"Figures in a Landscape"

A weekly poem, read by the author.
Feb. 2 2010 6:58 AM

"Figures in a Landscape"

Click the arrow on the audio player to hear  Gail Mazur read this poem. You can also download the recording or subscribe to Slate's Poetry Podcast on iTunes.
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We were two figures in a landscape,
in the middle distance, in summer.

In the foreground, twisty olive trees,
a mild wind made the little dry leaves tremble.

Then, of course, the horizon,
the radiant blue sky.

(The maker was hungry for light,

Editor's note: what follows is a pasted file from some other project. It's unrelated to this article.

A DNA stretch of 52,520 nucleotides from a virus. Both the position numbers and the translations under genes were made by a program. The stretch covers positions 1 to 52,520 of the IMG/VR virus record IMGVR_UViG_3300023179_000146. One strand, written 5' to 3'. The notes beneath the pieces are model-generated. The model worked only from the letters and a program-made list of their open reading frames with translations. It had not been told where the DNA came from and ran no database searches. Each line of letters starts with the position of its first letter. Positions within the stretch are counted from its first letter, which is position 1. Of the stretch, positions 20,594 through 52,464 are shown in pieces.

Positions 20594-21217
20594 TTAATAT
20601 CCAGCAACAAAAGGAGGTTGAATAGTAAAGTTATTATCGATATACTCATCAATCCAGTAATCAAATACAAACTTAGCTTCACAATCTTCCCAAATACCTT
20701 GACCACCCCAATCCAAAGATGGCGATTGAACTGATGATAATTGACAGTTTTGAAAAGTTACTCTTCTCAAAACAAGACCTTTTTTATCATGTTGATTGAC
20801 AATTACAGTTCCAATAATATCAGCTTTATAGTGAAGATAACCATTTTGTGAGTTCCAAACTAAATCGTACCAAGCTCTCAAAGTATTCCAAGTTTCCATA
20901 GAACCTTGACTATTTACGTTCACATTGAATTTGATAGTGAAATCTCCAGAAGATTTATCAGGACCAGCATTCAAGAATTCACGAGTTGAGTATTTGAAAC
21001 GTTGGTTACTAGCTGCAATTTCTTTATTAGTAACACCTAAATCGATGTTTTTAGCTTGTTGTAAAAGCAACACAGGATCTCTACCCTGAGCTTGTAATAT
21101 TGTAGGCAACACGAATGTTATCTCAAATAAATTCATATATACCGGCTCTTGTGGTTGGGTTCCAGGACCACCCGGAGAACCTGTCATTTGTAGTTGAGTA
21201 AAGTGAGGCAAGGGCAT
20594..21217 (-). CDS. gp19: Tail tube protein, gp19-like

light silvered the leaves, a stream.)

I liked to think, for your sake,
the scene was Italian, 17th century. …

Viewed from here, we resembled one another
though in truth we were unalike—

and we were tiny, he'd kept us small
so the painting would be landscape, not anecdote.

We were made things, deftly assembled
but beginning to show wear—

you, muscular, sculptural,
and I was I, we were different, we had a story.